by Allie Marie Smith
I’m excited to announce that I’m now an occasional contributor for To Write Love on Her Arms, a non-profit movement dedicated to presenting hope and finding help for people struggling with depression, addiction, self-injury and suicide. TWLOHA exists to encourage, inform, inspire and also to invest directly into treatment and recovery.
Today, was my first post titled “Taking Meds: Overcoming the Shame Factor.” It was a personal one. One that to be honest was hard to put out there. When I write that I’ve experienced a lot of shame from both myself and others because I’ve had to take medication for depression, its not an understatement. It still hurts when I think about the time a women’s ministry leader was thinking about having me speak at their young women’s conference, and when she asked me if I had ever taken medication for depression and I told her yes she immediately dismissed my testimony and wanted to get off the phone with me. Here a are a few nuggets of what I share in my article but you can read the whole article here.
“Recovery from depression, mood disorders, eating disorders, and addiction looks different for everyone. These struggles are complex and, like an onion, there are many layers involved: hormonal, emotional, spiritual, relational, physiological, and more. Each layer needs to be tended to, nourished, and addressed.”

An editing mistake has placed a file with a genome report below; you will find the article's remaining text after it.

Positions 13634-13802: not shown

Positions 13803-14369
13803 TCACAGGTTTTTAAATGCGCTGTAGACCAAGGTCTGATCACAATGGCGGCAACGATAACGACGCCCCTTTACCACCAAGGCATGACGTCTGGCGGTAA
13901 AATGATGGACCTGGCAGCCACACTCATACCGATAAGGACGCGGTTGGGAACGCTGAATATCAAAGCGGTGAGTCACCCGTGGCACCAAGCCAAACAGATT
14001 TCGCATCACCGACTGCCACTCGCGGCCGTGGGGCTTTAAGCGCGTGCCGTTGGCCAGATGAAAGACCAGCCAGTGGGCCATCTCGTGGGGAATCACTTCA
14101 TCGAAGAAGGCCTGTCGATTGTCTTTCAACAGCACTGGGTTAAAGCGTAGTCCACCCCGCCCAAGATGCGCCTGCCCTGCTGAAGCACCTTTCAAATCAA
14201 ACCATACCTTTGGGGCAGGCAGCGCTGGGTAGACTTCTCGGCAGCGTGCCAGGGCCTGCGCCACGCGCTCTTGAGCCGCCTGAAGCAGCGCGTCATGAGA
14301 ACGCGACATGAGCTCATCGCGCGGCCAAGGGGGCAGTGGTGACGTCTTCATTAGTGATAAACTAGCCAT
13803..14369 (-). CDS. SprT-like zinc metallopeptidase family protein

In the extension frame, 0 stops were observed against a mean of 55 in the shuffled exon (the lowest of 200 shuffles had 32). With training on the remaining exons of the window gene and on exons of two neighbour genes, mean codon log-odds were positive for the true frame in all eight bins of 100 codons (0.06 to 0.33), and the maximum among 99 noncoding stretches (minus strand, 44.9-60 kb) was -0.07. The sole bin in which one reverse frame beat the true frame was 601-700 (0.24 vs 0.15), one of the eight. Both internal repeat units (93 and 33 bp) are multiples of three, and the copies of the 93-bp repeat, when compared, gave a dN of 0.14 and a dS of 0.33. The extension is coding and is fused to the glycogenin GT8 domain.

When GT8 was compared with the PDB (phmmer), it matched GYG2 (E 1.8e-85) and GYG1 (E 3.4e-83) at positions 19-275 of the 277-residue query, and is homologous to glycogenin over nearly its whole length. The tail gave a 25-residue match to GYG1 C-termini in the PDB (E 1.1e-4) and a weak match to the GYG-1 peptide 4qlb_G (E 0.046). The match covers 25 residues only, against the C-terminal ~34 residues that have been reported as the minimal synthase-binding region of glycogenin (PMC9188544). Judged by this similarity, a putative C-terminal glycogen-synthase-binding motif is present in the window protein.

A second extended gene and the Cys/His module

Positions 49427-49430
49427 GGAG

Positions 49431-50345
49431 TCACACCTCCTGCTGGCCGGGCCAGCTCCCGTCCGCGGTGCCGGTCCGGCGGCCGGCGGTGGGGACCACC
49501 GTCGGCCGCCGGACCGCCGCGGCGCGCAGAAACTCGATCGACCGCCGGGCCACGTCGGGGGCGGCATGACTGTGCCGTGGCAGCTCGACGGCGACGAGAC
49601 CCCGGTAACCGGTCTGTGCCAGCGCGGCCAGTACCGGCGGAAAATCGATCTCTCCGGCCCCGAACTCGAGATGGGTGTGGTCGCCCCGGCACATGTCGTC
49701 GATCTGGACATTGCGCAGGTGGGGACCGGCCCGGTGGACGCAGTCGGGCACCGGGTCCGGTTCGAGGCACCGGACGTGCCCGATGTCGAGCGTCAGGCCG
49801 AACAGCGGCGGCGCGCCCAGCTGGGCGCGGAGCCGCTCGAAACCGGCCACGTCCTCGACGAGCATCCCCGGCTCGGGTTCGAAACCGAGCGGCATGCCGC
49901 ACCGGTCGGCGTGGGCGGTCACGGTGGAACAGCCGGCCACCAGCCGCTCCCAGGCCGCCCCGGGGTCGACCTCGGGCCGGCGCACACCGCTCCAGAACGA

“Mental illness has been misunderstood and mistreated for so long because of its relative obscurity. An x-ray can show the exact fracture point of a broken bone, but without brain scans, which are expensive and difficult to do, you cannot see the physiology of a brain struggling with depression and anxiety. This leaves at least part of mental illness as somewhat intangible. And because we cannot see the source of the brokenness, we believe as a whole we are broken. We judge our character, when our chemistry, circumstances, or a number of other factors may be the problem.”
“It’s also important to know that a while a pill (or a combination of a few) might help fix your brain chemistry, medication can’t sooth your soul. Commit yourself fully to the deep emotional work you need to do to live a healthy, whole, and free life.”
While doctors and medicine are limited in their ability to perform healing, I believe God is not. If you are struggling with depression, an eating disorder, anxiety or another stronghold I encourage you to reach out. Seek help. Go to a counselor. Get prayer. See a doctor. Recovery is a choice and freedom is a battle, but it’s worth it.